On Aug. 15, 2021, the Afghanistan government collapsed as the Taliban took control of the capital city of Kabul. The collapse occurred as the United States was attempting to complete a full withdrawal of American troops — nearly 20 years after the U.S. first invaded Afghanistan.
Since the Taliban’s takeover of Kabul, the U.S. has stepped up efforts to evacuate American citizens and allies. Since Aug. 14, the U.S. has evacuated more than 82,300 people, including at least 4,500 Americans, from Afghanistan, secretary of state Antony Blinken said on Aug. 25.
Congresswoman Claudia Tenney, a Republican from New York, tweeted on Aug. 19 that President Joe Biden was charging Americans for their flights. VERIFY viewer Mike wondered if the U.S. government was charging Americans who are being evacuated.
Is the U.S. government charging Americans $2,000 each to be evacuated from Afghanistan?
No, the U.S. government is not charging Americans $2,000 to evacuate from Afghanistan.
WHAT WE FOUND
On Aug. 7, the U.S. embassy in Kabul urged U.S. citizens to leave the country immediately on commercial flights and offered loans to U.S. citizens who couldn’t afford to purchase a ticket at the time.
The embassy issued another warning a week later on Aug. 14 – the day before the Afghan government collapsed. Americans in Afghanistan were again urged to take commercial flights if possible but also told repatriation flights – U.S. government charter flights – may also be available. Those flights, the alert said, may cost $2,000 or more per person.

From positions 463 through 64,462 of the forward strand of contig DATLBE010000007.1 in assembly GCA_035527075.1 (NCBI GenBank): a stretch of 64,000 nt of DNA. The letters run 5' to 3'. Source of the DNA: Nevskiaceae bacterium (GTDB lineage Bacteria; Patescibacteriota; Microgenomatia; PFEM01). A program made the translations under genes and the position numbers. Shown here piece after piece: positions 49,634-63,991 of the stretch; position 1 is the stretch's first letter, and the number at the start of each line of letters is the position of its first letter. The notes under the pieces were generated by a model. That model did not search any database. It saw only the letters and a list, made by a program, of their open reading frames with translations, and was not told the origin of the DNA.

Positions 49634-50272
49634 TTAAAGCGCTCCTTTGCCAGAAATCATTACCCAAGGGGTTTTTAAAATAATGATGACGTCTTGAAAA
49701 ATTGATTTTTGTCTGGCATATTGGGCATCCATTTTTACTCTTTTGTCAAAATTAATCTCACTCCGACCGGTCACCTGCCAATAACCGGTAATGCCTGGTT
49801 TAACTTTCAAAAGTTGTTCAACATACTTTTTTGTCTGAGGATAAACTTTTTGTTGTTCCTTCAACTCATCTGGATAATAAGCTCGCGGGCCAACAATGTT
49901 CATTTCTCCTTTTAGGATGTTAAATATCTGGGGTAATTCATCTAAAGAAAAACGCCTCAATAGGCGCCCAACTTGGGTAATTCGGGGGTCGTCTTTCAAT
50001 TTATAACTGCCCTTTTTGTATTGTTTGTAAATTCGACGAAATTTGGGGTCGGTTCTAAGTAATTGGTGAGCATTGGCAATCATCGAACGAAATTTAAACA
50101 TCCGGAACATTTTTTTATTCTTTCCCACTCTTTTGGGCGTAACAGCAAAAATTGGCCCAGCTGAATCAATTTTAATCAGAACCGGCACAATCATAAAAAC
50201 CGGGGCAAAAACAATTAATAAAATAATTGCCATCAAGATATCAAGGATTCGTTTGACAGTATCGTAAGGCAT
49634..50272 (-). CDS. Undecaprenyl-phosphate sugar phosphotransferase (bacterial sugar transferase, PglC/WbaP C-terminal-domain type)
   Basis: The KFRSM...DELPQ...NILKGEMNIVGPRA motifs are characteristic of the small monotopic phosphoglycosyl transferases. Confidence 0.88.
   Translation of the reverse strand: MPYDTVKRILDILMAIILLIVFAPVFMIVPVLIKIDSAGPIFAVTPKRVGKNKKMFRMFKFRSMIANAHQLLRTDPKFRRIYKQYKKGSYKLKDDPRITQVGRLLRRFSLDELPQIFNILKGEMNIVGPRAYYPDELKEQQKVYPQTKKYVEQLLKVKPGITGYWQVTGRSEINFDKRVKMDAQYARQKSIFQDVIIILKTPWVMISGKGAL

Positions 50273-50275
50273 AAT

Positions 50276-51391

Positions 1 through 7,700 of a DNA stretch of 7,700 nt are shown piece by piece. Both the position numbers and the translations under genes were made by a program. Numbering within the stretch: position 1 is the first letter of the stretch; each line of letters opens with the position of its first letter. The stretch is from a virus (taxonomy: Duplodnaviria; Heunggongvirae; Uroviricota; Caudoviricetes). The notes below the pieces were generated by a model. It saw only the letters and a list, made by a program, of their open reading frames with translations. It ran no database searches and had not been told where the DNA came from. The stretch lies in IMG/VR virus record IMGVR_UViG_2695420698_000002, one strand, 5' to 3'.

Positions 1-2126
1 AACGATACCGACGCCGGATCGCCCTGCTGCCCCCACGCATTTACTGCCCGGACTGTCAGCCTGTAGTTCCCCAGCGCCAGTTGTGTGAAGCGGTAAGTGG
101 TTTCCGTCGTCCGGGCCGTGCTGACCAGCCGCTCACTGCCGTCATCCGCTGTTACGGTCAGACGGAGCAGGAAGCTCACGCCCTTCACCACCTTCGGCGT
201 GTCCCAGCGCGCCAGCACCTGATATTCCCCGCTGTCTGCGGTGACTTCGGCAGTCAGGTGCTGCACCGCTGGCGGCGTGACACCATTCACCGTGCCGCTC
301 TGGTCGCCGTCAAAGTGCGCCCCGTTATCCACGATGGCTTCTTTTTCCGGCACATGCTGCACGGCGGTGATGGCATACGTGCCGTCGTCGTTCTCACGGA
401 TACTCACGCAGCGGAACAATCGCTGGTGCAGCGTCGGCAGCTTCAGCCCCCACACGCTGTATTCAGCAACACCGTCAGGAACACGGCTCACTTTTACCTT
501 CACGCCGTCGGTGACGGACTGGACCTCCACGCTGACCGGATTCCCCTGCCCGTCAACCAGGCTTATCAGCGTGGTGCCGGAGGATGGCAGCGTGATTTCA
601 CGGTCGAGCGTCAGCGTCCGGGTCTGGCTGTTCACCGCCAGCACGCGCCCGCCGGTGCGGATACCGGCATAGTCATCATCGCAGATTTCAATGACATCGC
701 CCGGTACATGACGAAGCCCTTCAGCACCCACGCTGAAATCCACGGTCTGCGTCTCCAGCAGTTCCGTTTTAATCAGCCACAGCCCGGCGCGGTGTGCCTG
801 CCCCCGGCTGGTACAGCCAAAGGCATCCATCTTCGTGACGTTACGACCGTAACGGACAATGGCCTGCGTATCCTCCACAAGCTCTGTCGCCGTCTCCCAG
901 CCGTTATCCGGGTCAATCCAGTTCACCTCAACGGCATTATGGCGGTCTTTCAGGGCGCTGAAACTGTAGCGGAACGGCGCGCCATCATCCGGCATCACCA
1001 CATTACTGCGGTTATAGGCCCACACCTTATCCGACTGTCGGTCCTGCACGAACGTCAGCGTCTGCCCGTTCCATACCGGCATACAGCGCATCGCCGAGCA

“Repatriation flights are not free, and passengers will be required to sign a promissory loan agreement and may not be eligible to renew their U.S. passports until the loan is repaid,” the alert said. “The cost may be $2,000 USD or more per person.”
The State Department says that in times of crisis, the U.S. government will coordinate an evacuation if possible. But the department says it is bound by law to charge people.
“U.S. law requires that the assisted evacuation of private U.S. citizens or third country nationals be provided ‘on a reimbursable basis to the maximum extent practicable,’” the State Department says. “The amount billed to evacuees is based on the cost of a full fare economy flight, or comparable alternate transportation, to the designated destination(s) that would have been charged immediately prior to the events giving rise to the evacuation.”
But a spokesperson for the State Department said the U.S. government is making an exception and not charging evacuees from Afghanistan.
“The Department has not charged any private U.S. citizen, vulnerable Afghan, or third country national to get on a Department arranged flight out of Kabul. Given the situation, the Department does not intend to seek reimbursement from anyone for whom the Department provided transportation out of Kabul,” the spokesperson said in an emailed statement to VERIFY.
During a press conference on Aug. 25, U.S. Secretary of State Antony Blinken said the State Department made it clear to Americans in Afghanistan that it would “help pay for their repatriation.”
Since her Aug. 19 tweet, Rep. Tenney has acknowledged the Biden administration says it will not charge Americans for the repatriation flights. On Aug. 24, Tenney introduced a bill that would ensure U.S. citizens and legal permanent residents aren’t charged by the U.S. government.
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